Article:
Bookshelf

• Everyone agrees that newspapers aren’t what they used to be—but what did they use to be? Fewer and fewer of us can remember a time when independently owned big-city newspapers, with their dictatorial proprietors and clean-up-this-town crusades, were a major cultural force in American life. For the most part, our understanding of these papers and their priorities now derives not from first-hand experience but from “Citizen Kane,” The Fountainhead and the half-nostalgic, half-jaundiced writings of A.J. Liebling and H.L. Mencken. Thus it was with great interest that I read Harry Haskell’s Boss-Busters and Sin Hounds: Kansas City and Its Star (University of Missouri Press, 450 pp., $34.95), a refreshingly well-written history of the Kansas City Star, which in its day was one of the most influential papers in the Midwest. I knew the Star well in my youth, and even wrote for it in the late 70’s and early 80’s, but by then it bore little resemblance to the paper founded by William Rockhill Nelson in 1880, and Haskell (whose grandfather, Henry Haskell, spent a half-century working for the paper) has done a sterling job of recreating the Star as it used to be.

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Bookshelf

Must-Reads from Magazine

Republicans Need to Prepare for the Worst

Expect the impossible.

If the 2016 presidential election cycle demonstrated anything, it was that Republicans suffer from a crippling lack of imagination. That ordeal should have established that the unprecedented is not impossible. Even now, Republicans seem as though they are trying to convince themselves that their eyes are lying to them, but they are not. The tempo of the investigation into President Trump is accelerating, and a nightmare scenario is eminently imaginable. Only congressional Republicans can avert disaster, and only then by being clear about the actions they are prepared to take if Trump instigates a crisis of constitutional legitimacy.

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Can Turkey be Trusted with F-35s?

Are the warplane's secrets safe?

The F-35 Joint Strike Fighter is the newest generation air platform for the U.S. Air Force, Navy, and Marines. Lockheed-Martin, which builds the F-35, describes it as “a 5th Generation fighter, combining advanced stealth with fighter speed and agility, fully fused sensor information, network-enabled operations and advanced sustainment.” For both diplomatic reasons and to encourage sales, Lockheed-Martin subcontracted the production of many F-35 components to factories abroad. Many program partners—Australia, Canada, the United Kingdom, Denmark, for example—are consistent U.S. allies.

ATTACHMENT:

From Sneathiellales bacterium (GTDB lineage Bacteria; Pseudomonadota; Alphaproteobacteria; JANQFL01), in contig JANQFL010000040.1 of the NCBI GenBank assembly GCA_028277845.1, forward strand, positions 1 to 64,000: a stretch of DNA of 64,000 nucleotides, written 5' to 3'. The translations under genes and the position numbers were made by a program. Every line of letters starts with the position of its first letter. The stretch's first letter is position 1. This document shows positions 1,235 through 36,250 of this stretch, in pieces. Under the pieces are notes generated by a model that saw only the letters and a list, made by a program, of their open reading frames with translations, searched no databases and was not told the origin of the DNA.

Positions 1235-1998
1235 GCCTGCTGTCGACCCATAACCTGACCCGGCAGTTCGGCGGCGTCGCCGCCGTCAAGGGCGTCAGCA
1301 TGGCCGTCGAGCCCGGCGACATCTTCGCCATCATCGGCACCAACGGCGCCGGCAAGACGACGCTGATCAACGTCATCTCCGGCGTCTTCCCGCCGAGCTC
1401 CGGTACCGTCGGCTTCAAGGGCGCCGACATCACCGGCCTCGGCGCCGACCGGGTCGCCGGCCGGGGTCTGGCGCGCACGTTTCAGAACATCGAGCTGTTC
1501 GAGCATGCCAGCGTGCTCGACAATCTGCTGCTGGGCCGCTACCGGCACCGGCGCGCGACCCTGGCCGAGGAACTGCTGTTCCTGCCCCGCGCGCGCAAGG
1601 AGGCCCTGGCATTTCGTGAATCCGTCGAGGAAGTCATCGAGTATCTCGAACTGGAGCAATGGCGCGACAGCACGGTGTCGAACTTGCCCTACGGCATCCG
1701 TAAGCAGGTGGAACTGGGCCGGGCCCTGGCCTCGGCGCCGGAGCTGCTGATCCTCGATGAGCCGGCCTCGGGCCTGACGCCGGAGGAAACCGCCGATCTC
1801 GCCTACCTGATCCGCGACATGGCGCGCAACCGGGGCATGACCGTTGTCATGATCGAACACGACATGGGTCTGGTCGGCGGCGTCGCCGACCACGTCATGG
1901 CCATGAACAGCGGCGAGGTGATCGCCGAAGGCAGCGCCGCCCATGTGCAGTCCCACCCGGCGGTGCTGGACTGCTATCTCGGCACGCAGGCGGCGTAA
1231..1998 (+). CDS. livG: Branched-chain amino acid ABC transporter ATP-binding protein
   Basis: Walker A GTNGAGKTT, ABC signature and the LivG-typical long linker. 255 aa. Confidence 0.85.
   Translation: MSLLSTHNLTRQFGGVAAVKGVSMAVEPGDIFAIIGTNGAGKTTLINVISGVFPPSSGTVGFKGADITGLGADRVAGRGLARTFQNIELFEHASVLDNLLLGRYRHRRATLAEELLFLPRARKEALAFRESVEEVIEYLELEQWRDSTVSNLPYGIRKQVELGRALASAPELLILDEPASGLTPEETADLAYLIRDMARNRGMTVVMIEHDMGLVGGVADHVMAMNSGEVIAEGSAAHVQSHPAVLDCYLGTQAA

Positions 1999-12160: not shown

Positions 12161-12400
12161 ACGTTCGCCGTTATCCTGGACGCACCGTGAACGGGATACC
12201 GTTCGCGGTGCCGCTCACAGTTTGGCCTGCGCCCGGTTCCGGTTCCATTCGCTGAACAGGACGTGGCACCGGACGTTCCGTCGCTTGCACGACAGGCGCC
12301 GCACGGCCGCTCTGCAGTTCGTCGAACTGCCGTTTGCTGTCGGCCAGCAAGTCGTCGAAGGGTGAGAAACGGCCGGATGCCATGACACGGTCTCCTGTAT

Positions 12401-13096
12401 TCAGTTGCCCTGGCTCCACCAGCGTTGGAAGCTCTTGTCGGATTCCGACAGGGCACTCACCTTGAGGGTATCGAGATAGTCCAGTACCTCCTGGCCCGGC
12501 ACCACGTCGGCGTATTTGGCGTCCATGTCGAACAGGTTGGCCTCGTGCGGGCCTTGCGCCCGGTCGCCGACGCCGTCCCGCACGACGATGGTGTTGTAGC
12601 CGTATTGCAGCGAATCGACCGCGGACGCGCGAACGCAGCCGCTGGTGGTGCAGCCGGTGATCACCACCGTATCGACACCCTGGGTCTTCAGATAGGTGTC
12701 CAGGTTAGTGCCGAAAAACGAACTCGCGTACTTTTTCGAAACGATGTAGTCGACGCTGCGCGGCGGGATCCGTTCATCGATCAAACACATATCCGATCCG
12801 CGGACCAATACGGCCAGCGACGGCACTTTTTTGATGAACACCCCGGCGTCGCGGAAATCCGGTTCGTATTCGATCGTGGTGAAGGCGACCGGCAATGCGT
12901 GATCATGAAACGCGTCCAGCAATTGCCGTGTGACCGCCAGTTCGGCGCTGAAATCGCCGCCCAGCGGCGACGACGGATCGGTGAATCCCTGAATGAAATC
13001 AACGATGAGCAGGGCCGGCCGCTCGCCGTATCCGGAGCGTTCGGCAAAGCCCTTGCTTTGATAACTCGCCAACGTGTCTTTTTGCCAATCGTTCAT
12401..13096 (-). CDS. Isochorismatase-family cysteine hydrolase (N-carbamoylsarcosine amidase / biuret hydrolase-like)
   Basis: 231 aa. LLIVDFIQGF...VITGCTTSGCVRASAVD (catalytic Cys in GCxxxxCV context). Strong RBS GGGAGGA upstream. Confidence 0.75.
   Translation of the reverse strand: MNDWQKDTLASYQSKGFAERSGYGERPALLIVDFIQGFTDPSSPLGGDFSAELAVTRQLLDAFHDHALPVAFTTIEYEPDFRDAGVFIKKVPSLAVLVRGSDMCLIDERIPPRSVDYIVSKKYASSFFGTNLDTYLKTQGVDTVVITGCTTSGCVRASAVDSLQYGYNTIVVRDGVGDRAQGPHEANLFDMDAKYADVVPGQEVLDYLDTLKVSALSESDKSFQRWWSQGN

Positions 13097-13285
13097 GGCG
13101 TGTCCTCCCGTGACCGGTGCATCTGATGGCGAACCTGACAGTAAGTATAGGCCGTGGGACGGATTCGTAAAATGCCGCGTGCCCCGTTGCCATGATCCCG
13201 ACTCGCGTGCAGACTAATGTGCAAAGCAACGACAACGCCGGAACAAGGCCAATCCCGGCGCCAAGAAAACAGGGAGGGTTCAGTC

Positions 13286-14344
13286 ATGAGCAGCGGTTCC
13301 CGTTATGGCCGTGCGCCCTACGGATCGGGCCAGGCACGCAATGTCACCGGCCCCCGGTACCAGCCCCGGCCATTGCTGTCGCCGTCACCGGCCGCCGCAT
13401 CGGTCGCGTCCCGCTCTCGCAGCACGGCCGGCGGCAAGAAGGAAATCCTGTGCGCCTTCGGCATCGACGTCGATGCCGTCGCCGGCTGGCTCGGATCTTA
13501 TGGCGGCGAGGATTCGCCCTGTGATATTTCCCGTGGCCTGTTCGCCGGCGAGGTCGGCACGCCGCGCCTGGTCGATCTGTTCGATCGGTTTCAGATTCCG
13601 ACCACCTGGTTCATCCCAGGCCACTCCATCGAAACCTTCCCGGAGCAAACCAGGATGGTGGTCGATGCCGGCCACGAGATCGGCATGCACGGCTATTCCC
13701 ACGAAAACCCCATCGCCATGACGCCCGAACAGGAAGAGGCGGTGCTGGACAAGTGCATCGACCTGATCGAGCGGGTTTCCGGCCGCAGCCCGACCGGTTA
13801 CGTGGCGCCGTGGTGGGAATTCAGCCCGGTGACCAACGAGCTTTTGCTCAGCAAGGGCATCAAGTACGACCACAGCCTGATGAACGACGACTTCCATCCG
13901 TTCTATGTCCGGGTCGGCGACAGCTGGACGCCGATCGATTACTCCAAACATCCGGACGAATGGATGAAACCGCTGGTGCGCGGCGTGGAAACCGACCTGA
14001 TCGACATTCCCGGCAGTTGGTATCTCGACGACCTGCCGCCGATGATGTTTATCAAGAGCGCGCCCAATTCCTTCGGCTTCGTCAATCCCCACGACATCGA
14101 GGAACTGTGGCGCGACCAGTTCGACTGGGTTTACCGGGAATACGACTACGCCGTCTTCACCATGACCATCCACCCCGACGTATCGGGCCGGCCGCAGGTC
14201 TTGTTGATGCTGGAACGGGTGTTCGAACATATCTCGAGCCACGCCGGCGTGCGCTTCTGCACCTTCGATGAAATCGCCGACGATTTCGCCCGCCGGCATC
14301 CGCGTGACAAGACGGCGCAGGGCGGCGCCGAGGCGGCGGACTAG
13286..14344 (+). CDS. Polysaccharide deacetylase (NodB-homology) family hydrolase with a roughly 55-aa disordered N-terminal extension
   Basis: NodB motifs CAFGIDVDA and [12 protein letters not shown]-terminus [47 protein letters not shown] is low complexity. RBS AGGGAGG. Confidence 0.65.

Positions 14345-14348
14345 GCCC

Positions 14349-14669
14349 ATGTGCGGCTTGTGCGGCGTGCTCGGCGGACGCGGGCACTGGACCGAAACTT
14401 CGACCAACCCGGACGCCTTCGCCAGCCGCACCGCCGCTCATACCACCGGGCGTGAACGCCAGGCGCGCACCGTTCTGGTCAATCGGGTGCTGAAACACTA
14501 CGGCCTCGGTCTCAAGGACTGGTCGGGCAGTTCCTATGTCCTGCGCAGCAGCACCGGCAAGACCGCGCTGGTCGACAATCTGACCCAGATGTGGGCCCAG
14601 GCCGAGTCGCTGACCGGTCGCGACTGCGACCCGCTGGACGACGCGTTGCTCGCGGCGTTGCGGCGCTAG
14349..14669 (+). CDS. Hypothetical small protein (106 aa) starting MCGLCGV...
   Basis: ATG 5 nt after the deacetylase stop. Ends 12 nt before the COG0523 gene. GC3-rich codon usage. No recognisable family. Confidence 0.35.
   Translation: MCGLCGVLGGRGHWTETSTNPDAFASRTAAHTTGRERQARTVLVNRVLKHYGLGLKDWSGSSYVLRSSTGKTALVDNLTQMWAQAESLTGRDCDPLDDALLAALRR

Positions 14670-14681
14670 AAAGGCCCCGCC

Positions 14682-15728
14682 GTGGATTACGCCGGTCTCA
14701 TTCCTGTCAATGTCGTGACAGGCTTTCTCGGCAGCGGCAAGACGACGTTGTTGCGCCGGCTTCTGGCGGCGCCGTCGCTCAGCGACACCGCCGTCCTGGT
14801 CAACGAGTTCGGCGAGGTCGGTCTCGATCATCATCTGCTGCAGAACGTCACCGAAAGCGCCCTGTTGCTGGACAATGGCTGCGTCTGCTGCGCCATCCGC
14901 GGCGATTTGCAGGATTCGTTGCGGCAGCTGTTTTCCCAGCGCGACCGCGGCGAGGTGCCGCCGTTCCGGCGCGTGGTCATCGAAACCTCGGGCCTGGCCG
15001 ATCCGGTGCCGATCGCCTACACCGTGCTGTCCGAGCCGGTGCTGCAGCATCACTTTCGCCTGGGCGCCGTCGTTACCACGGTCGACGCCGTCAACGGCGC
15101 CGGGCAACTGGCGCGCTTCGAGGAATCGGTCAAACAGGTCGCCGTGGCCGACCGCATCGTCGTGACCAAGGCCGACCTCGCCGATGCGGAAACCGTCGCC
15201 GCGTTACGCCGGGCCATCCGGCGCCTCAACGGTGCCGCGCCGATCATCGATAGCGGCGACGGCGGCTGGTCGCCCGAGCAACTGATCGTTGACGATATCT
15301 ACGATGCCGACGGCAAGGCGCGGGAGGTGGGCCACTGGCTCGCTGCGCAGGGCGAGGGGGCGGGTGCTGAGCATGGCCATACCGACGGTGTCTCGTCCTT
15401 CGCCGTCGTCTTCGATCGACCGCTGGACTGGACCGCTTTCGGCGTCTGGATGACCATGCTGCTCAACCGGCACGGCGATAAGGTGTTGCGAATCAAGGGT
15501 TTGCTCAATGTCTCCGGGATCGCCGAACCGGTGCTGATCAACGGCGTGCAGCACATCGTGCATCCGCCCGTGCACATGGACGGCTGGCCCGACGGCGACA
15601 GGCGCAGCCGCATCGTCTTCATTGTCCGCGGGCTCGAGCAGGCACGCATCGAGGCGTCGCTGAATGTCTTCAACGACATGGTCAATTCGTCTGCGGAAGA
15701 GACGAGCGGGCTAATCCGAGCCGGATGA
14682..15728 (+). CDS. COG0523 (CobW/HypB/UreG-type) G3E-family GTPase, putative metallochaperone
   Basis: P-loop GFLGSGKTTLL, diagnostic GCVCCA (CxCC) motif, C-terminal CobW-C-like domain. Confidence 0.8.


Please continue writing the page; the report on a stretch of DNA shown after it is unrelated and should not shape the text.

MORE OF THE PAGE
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The Trump Right’s Martyrdom of Kim Guadagno

Too many martyrs make a movement.

If the GOP is to be converted into a vehicle for politicians who evince Donald Trump’s brand of pragmatic center-right populism, Trump will have to demonstrate his brand of politics can deliver victories for people other than himself. Presidential pen strokes help to achieve that, as do judicial appointments. Nothing is so permanent, though, as sweeping legislative change. On that score, the newly Trumpian Republican Party is coming up short. If the passive process of transformational legislative success fails to compel anti-Trump holdouts in the GOP to give up the ghost, there is always arm-twisting. It seems the Republican National Committee is happy to play enforcer.

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The Conservative Crack-Up, 2017 Edition

Podcast: Conservatism in shackles while O.J. goes free?

On the second of this week’s podcasts, I ask Abe Greenwald and Noah Rothman whether the health-care debacle this week is simply a reflection of the same pressures on the conservative coalition Donald Trump saw and conquered by running for president last year—and what it will mean for him and them that he has provided no rallying point for Republican politicians. And then we discuss OJ Simpson. Give a listen.

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Macron’s Terrorism Idiocy

Hyperbole yields cynicism, not the other way around.

Newly-elected French President Emmanuel Macron surprised almost everyone when he invited President Donald Trump to celebrate Bastille Day with him in Paris, especially after the two leaders’ awkward first meeting in Brussels in May. After all, between now and then, Trump withdrew the United States from the Paris Climate Change Agreement, and Macron has become perhaps the most vocal critic of Trump among European leaders.

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